Growth in Popularity of Physical Product Design and Prototyping
Physical hardware product design is back by necessity and new technology has enabled a growing movement of ‘Mini Makers’ who are taking advantage of low cost prototyping machines, programmable sensors, Arduino and small computers like the Raspberry PI. Low energy wireless modules allow simple to install and use products to be conceived, tried out and perfected on very small budgets. Investors are getting together in record numbers to look at new ideas with the formation of angel investing groups in most cities, Capital Angels are the Ottawa chapter.
Software and Wireless Network Capabilities
Apple, Microsoft and Android, amazon and microsoft platforms, low cost Wi-Fi, Bluetooth, NFC, faster networks, cloud based analytics, security, smartphone penetration and the influx of 5G wireless standard all leverage new easier to design product, electronics and software. You can design, test and release a product to market in 5 months including pre-approved radios that interact with home routers, cloud and smartphone applications. Combined with the widespread rise in Internet use and ubiquitous wireless availability across Canada it will increase the amount of IoT innovations reaching market each year and put market pressure on companies that do not update their products with new features.
Challenge of fast cycle IoT Product Development
It goes without saying that hardware and software have inherently different design and development methodologies. One discipline involves aligning atoms and the other arranges bytes. Both want to deliver simple, easy to use product that people fall in love with. IoT devices must include both disciplines and this requires innovators to combine and manage these two product development processes together in order to design intelligently connected experiences for people. Things to consider when bringing an IoT Product innovation to life are many and the mantra of design for users is at the core.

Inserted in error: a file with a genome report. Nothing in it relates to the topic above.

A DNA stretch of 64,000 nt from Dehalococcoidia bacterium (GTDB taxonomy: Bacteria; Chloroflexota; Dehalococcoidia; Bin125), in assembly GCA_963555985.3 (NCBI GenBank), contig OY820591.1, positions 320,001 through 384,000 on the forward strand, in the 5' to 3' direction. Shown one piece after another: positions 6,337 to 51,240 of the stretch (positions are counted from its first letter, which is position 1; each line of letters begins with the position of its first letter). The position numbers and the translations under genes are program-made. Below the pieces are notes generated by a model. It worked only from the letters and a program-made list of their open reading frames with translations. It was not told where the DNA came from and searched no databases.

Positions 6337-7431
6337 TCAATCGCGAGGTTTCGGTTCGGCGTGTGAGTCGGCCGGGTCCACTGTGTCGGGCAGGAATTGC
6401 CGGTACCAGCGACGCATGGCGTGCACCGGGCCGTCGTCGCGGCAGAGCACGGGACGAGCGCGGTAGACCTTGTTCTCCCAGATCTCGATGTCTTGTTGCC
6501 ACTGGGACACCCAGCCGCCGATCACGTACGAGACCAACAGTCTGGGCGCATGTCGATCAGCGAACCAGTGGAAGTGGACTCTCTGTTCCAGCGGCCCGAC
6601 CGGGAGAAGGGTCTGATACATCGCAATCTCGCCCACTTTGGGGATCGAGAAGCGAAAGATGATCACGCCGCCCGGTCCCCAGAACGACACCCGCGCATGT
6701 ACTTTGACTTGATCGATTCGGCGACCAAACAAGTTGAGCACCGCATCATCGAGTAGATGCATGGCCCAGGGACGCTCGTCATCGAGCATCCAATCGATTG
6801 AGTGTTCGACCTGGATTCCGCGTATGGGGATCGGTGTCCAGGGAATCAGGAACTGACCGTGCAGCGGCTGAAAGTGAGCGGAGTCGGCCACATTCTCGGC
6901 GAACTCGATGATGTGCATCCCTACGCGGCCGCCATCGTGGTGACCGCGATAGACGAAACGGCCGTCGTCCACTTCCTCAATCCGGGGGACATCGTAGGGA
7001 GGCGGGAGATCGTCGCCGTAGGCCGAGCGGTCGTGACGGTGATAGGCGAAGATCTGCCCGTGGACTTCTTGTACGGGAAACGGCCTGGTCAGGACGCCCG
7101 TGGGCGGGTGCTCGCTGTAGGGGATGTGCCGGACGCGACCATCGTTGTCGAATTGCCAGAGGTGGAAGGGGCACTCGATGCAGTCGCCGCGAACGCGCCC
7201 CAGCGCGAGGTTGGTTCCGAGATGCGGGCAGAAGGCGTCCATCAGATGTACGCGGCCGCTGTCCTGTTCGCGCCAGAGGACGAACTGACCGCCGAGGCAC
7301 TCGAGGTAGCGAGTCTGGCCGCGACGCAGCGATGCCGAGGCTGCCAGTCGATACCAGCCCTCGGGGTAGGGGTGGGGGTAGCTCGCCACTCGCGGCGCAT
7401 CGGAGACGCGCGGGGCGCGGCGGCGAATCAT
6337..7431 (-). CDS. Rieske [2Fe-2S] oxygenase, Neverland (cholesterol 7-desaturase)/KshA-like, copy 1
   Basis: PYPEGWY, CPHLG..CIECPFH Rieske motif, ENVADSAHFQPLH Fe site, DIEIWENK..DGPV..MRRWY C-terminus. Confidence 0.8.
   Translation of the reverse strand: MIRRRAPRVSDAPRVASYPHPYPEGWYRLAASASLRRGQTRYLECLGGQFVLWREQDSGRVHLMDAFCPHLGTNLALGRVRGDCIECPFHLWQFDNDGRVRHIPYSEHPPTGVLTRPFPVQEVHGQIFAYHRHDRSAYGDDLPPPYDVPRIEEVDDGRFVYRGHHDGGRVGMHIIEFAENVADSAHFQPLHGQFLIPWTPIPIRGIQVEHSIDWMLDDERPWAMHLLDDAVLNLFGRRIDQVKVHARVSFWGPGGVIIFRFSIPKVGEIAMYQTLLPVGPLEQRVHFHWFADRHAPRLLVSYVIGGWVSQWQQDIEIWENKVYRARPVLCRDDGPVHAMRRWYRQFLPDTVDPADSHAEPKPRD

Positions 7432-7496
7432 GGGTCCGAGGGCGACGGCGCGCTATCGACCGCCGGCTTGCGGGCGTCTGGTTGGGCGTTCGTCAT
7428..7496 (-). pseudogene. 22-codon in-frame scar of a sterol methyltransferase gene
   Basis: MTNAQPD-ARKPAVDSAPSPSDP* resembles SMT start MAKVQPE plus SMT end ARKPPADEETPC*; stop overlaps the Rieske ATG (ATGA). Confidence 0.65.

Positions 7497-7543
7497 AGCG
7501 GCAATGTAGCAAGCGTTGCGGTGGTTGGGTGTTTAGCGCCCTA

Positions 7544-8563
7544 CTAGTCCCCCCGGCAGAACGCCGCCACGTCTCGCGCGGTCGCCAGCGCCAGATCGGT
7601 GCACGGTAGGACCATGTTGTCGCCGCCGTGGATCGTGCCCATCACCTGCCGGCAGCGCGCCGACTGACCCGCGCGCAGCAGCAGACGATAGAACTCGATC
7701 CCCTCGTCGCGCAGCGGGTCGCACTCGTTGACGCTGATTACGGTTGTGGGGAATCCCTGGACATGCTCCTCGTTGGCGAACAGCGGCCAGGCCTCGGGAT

Understand the Complexity of Project You are Taking On
Even simple product ideas can be complex. Help from experienced teams that have worked together to make and steer decisions during the process is essential for first pass success. What elements are useable off the shelf, what custom parts are needed and what software will need to be written as well as what cloud based platform to select to manage your customers and data on are important to define upfront.
Connecting Vision to Real Customer Needs:
New product ideas are exciting, but they don’t always connect to consumer demand. Early concept design and testing the product idea with simulation and prototyping techniques allows development teams to get users to verify assumptions and business teams to quantify the demand. With 5 month product cycles, it is impossible to grow the knowledge in house and outsourcing part or all of the one-time design and development effort becomes a lower cost and higher value alternative in many cases.
Challenges aside, it’s an exciting time for companies to refresh old products and to go after new ideas to connect into the Internet of Things that is upon us. Design 1st plans to be a one of the teams that will help innovators embrace and go after these opportunities ahead.
About Design 1st:
Kevin Bailey is President at Design 1st where his team provides turnkey new product design or can be a flexible extension of your in-house development team. Our program management and senior design, engineering and commercialization team will provide value at every step.
To place a sponsored article on OBJ.ca, please contact Terry Tyo at 613-238-1818, ext. 268.